“Solid state NMR spectroscopy is an ideal technique for the characterization of powdered materials obtained from mechanochemistry,” said Aaron Rossini, scientist in the Ames laboratory and professor of chemistry at Iowa State University. “By combining the information obtained from solid state NMR spectroscopy with other characterization techniques, we are able to obtain a complete picture of 3D heterostructures. ”

###

Reference: “Unprecedented generation of 3D heterostructures by mechanochemical disassembly and reorganization of immeasurable metal chalcogenides” by Oleksandr Dolotko, Ihor Z. Hlova, Arjun K. Pathak, Yaroslav Mudryk, Vitalij K. Pecharsky, Prashant Singh, Duane D. Johnson, Brett W. Boote, Jingzhe Li, Emily A. Smith, Scott L. Carnahan, Aaron J. Rossini, Lin Zhou, Ely M. Eastman and Viktor P. Balema, June 12, 2020, Nature Communication.
DOI: 10.1038 / s41467-020-16672-0

The experimental synthesis work was carried out under the auspices of the 2019 Laboratory-Led Research and Development Program (LDRD) at the Ames Laboratory. Theoretical support, solid state NMR spectroscopy, efforts to characterize structural and physical properties were funded by the US Department of Energy (DOE) Office of Science.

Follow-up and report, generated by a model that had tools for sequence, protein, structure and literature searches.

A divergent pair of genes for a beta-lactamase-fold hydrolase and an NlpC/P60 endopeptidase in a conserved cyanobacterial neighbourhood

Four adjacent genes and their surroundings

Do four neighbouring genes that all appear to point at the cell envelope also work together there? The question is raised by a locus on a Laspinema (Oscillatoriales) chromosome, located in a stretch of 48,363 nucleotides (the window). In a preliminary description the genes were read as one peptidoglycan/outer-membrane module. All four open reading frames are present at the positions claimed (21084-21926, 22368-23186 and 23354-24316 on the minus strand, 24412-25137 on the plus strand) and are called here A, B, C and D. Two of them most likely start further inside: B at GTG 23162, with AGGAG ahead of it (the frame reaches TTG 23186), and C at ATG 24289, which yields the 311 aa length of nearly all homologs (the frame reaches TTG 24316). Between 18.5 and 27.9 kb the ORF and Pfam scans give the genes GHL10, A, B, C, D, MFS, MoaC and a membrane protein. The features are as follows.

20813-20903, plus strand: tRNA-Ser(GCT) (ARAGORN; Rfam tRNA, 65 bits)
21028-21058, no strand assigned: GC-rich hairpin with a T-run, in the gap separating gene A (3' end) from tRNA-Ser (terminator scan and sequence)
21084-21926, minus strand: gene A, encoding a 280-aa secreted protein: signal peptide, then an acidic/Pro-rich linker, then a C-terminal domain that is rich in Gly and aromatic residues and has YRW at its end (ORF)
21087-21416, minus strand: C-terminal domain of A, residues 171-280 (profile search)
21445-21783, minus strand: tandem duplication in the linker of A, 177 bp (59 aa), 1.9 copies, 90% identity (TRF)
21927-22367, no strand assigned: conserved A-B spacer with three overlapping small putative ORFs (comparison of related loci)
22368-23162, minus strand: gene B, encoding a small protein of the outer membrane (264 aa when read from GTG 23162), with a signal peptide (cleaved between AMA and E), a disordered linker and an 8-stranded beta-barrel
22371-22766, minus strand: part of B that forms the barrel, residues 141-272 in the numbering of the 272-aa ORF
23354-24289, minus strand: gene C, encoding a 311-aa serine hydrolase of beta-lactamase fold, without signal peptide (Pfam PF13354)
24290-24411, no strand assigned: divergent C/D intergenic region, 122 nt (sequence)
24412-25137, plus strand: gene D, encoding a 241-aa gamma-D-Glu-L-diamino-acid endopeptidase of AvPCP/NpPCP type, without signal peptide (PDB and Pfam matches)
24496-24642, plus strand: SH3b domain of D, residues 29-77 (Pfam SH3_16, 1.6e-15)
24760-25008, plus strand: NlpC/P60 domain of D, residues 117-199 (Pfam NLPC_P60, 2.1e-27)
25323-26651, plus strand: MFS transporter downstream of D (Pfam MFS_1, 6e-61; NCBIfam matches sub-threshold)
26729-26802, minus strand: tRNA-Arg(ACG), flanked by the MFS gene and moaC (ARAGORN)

Ames Laboratory is a national laboratory of the United States Department of Energy, managed by Iowa State University. The Ames laboratory creates innovative materials, technologies and energy solutions. We use our expertise, unique capabilities and interdisciplinary collaborations to solve global problems.

The DOE’s Office of Science is the largest supporter of basic research in the physical sciences in the United States and works to address some of the most pressing challenges of our time.


Source link

Previous Researchers Develop New Approach to Engineering Chemical Limits to Produce Lean, Heavy-Duty, Ductile Steels
Next Researchers develop dielectrophoretic forceps for toxic nanoparticles

No Comment

Leave a reply

Your email address will not be published. Required fields are marked *